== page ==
Seabird life-history strategies and population dynamics
My research focuses on the breeding productivity, survival and dispersal of seabirds and how these demographic parameters are influenced by anthropogenic and environmental change. In particular, I am interested in how birds respond to environmental change when provisioning their young; how the conditions experienced by young during development may manifest themselves in later consequences on fitness; and how life-history constraints can be considered in evidence-based conservation. I work predominately in the Benguela upwelling ecosystem of southern Africa. The ultimate goal of my research is to guide conservation strategy and assist the development of ecosystem-based approaches to fisheries management.
Non-invasive or impact reduced strategies for studying wild animals
Seabirds are studied as indicators of change in the marine environment; however, many species are also threatened with extinction. So, it is essential that we minimise any negative effects associated with research. I am interested in how computer vision and developing technologies can be used to assist our understanding of animal behaviour and population ecology with minimal impact on the study animals. I am also interested in methods that quantify the impact of monitoring or research activities on animals at individual and population levels and the use of the technology to engage people in conservation.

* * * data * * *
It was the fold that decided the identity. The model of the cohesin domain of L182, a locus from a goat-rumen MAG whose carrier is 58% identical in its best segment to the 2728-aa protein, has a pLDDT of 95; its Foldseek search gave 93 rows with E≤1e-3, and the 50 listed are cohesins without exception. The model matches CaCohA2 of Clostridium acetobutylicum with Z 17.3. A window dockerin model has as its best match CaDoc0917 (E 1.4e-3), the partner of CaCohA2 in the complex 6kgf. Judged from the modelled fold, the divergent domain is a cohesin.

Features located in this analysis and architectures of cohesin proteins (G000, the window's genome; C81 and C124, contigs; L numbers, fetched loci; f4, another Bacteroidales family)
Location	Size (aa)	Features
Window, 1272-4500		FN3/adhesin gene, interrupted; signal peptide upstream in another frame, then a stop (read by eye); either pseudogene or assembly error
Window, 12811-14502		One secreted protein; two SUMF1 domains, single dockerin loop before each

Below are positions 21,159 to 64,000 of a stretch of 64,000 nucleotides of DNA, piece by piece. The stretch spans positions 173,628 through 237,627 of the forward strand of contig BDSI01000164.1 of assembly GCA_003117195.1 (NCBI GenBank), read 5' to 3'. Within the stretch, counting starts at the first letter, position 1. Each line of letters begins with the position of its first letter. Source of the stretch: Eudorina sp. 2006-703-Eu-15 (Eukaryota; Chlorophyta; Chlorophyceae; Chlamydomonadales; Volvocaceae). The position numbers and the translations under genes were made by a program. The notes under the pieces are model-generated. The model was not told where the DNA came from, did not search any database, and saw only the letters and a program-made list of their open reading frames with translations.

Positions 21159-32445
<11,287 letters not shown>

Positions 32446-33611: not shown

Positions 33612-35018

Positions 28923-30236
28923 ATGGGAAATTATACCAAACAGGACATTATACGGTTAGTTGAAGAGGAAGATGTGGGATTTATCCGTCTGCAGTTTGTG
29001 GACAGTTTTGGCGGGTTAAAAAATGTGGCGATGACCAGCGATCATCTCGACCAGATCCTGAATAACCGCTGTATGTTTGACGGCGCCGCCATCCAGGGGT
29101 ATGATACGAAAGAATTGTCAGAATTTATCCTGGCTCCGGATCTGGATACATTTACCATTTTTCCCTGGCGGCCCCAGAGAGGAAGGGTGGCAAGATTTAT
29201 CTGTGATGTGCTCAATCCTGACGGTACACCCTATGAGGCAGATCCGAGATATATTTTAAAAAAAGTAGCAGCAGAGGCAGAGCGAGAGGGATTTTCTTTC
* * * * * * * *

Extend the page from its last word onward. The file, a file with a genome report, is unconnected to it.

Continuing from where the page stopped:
Main collaborators: Fitsum Abadi, Res Altwegg, Tilo Burghardt, Peter Barham, Timothée Cook, Rob Crawford, Astrid Jarre, Jessica Kemper, Katrin Ludynia, Nola Parsons, Jean-Paul Roux, Lynne Shannon, Antje Steinfurth, Les Underhill, Carl van der Lingen, Stephen Votier, Lauren Waller, Florian Weller and Henning Winker.
You can find more detailed information on some of my research projects by following the links below: